UK drug giant GlaxoSmithKline has kicked off the New Year by signing up for development and commercialisation rights to US group ChemoCentryx’ inflammatory bowel disease candidate Traficet-EN.

Under an existing alliance between the two firms formed in 2006, which provides GSK with access to certain drugs against pre-defined targets with licensing options on completion of proof-of-concept studies, the UK drugmaker has decided to bag global rights to Traficet-EN (CCX282-B) for an initial fee of $35 million.

In addition, ChemoCentryx stands to receive further regulatory milestone payments and double-digit royalties on product sales post commercialisation, as well as the potential to boost its royalties if the group opts to co-fund development through Phase III and co-promote to physicians in the US.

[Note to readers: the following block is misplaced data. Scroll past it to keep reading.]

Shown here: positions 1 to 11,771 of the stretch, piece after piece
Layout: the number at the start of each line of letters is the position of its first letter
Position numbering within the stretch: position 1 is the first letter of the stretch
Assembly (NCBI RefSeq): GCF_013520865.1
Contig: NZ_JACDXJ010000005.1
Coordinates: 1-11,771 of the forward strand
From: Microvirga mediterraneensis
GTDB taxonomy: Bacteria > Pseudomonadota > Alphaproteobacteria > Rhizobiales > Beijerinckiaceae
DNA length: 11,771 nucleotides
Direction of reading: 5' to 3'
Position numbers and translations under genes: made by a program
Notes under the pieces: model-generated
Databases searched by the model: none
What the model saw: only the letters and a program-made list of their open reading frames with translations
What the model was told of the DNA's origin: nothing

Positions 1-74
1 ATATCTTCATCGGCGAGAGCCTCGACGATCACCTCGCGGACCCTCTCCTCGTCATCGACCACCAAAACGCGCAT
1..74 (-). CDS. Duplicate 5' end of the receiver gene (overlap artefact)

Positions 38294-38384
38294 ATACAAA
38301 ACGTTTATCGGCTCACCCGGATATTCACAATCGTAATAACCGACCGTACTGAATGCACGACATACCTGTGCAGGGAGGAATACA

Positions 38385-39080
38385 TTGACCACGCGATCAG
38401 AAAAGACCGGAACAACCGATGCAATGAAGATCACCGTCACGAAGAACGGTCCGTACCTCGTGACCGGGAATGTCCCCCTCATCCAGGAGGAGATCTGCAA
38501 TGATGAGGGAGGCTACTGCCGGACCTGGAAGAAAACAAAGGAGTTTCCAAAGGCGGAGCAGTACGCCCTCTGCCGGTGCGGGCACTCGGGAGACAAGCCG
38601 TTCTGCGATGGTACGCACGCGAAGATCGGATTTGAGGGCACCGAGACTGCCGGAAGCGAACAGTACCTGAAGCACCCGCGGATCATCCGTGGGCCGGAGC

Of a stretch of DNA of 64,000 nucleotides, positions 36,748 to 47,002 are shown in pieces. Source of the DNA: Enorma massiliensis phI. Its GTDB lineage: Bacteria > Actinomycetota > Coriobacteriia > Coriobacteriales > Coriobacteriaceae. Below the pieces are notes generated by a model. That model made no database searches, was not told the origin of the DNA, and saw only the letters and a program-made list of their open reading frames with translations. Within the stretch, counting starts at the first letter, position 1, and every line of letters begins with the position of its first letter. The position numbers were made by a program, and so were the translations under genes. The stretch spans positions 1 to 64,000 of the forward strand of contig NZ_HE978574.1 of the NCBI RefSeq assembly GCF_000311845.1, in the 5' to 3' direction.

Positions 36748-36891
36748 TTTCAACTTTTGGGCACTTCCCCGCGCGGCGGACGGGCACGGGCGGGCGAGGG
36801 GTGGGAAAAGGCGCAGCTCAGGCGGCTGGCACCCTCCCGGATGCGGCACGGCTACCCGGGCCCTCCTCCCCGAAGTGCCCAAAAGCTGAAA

CCX282-B is a small molecule oral drug that, by blocking the CCR9 chemokine receptor, is thought to modify the immune system’s incorrect response leading to inflammatory bowel disease, the two principal forms of which are Crohn’s disease and ulcerative colitis.

GSK’s move to take the drug under its wing follows a promising performance in a Phase II study known as PROTECT-1, which showed its ability to reduce disease severity as an induction therapy as well as maintain remission in patients with moderate-to-severe forms of Crohn’s disease.

“Progressing the development of CCX282-B takes us closer to a valuable new treatment option for patients who suffer from these chronic, debilitating bowel diseases,” said Moncef Slaoui, chairman of research and development at GSK. Furthermore, he said that the drug might offer advantages over current treatment approaches for Crohn’s “by potentially offering reduced side effects and convenient oral dosing to patients”.